Those who read this blog will know I am a big fan of mirrorless cameras and believe that they will be the future for most photographers.
Mirrorless cameras such as Micro Four Thirds have several important advantages over current dSLRs:
- they can be made smaller as they do not need the mirror, nor the pentaprism
- they are quieter to shoot as there is no mirror bouncing around, and also have far less camera shake at high magnification photography
- the lenses can be redesigned with shorter sensor to lens flange distances making for simpler wide angle designs and smaller, lighter lenses
- the shorter sensor to lens mount flange distance allows a greater range of legacy lenses to be usable
- AF for relatively stationary subjects is extremely fast, accurate and one can even automatically AF on a given eye (using Olympus cameras) almost anywhere in the frame
- no need for AF microadjustment calibrations
- use of an electronic viewfinder instead of optical allows more information to be visible without taking your eye from the camera such as live histogram, etc., and allow live magnification with image stabilisation, as well as live boost of low light situations for improved visability (particularly handy for astrophotography and when using legacy lenses stopped down)
- the electronic viewfinders continue to improve in viewing quality and refresh rates
BUT the current mirrorless cameras have one major flaw – limited or no ability to AF on fast moving subjects, limited tracking AF capability and very slow AF when used with non-CDAF lenses.
Olympus in particular is working hard to develop new mirrorless cameras which address the above issues and also allow fast AF with Four Thirds lenses.
Of all the manufacturers, Canon appeared to have been twiddling their thumbs on this front, even their mirrorless camera – the EOS-M was not taken seriously given that it’s contrast detect AF was so slow compared with the competition, and no new competitive technology had been created since 2009 – 4 long years allowing Nikon to take the advantage in dSLR markets and Olympus, Panasonic and Sony to take the strong lead in the mirrorless sector.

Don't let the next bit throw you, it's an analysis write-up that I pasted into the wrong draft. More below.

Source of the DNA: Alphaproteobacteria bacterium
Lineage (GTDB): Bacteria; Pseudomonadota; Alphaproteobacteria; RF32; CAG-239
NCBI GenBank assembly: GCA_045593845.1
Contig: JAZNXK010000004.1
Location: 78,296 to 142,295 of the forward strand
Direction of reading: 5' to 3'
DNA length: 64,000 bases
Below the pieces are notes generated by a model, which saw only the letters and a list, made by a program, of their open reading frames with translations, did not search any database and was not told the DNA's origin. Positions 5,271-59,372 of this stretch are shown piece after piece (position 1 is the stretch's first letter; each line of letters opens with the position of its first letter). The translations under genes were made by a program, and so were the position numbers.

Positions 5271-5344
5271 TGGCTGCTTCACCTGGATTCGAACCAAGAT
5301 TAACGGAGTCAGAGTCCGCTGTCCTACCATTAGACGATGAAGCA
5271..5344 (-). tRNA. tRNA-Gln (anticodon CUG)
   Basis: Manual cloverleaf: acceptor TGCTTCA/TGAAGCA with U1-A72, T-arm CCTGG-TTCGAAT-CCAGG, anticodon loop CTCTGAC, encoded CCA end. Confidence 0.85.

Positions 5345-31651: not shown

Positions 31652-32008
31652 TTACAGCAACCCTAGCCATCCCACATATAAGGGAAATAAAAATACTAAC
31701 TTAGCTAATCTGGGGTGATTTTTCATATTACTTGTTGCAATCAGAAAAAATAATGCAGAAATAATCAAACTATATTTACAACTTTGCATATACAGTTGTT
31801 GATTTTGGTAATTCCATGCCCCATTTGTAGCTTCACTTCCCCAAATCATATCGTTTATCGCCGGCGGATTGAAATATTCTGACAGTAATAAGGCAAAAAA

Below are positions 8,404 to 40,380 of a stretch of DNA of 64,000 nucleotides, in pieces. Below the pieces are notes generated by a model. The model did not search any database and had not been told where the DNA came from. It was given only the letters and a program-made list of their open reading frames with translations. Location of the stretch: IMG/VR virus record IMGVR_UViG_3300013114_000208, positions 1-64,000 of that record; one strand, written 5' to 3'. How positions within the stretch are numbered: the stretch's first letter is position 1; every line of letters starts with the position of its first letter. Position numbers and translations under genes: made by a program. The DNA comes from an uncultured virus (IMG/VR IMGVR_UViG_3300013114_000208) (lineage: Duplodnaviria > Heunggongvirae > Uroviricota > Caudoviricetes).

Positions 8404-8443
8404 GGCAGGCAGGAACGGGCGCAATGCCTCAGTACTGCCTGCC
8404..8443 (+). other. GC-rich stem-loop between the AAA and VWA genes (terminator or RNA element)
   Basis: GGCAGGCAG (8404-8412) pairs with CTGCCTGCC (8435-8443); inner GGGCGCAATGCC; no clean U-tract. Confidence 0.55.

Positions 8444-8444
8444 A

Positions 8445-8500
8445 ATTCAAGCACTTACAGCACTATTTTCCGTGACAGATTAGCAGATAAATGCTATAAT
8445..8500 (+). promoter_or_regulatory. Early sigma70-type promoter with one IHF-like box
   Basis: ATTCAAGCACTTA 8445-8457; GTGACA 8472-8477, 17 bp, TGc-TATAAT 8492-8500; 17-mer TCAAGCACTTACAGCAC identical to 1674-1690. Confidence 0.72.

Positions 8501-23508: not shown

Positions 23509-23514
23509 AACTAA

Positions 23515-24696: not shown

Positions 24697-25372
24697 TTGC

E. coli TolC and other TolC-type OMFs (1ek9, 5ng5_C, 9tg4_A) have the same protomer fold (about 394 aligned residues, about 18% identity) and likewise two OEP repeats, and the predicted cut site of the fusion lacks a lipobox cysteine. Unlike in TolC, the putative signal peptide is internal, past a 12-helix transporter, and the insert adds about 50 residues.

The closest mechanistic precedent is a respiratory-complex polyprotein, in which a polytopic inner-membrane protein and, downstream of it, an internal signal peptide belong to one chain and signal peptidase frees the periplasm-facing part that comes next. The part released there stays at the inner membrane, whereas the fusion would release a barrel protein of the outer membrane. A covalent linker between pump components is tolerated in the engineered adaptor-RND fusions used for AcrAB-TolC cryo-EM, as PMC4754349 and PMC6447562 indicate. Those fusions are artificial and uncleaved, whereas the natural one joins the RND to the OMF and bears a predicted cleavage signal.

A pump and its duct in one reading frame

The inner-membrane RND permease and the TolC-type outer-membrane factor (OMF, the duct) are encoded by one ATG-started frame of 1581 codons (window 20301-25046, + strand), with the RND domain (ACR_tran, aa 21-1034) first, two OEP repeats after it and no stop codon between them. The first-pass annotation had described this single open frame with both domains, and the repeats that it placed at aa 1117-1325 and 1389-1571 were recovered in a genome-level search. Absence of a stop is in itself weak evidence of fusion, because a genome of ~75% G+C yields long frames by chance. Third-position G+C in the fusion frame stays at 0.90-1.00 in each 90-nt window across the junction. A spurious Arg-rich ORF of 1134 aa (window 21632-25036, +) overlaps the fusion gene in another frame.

Now, with their announcement of a revolutionary new “dual-pixel” sensor in their Canon EOS 70D dSLR which promises to not only provide contrast detect AF as with traditional mirrorless cameras but also the most capable and fast on-sensor phase detect AF system yet made. If their claims are true, one should be able to use most of the EF lenses and have fast AF with tracking and even face recognition with these lenses anywhere within 80% of the image area in Live View mode.
This is awesome news if the claims are proven and will again give Canon an edge, particularly when they introduce this technology in the mirrorless cameras.
BUT it may be a double-edge sword for Canon who have relied upon its dSLR sales to date.
If this sensor is as good as they state, I for one would want to be using the Live View Face Detect AF with my Canon EF 135mm f/2.0L lens for portraits as the shallow depth of field of this lens makes accurate AF on the eyes difficult with the current optical viewfinder.
Unfortunately with the 70D and other similar optical dSLRs, to use Live View means holding the camera away from your face and looking at the rear LCD screen. This is NOT a good method, particularly when using a telephoto lens when camera shake will potentially ruin your image, not to mention the ergonomics of holding a heavy lens in this manner.
If most people find that this new AF has substantial advantages over the old optical AF system as I suspect may be the case, then they would be best advised to buy a mirrorless version rather than a dSLR version, because there are now almost no reasons to have a mirror in your camera.
It will be very interesting to see how good this new AF system is, and, what will Olympus in partnership with Sony come up with in Micro Four Thirds cameras to compete with it.
Now if only Canon will make me a weatherproof, full frame mirrorless with an EVF built-in using such a sensor (even better if they add in-camera image stabilisation as Olympus do) !
It seems that reports on the pre-production model indicate that the AF is NOT as fast for static subjects compared with the current Micro Four Thirds cameras, and the Live View phase contrast is not as good as the optical phase contrast – the question will be – is it good enough for most of us, or just another compromise – time will tell, but at least the AF in movie mode seems to be nice and organic.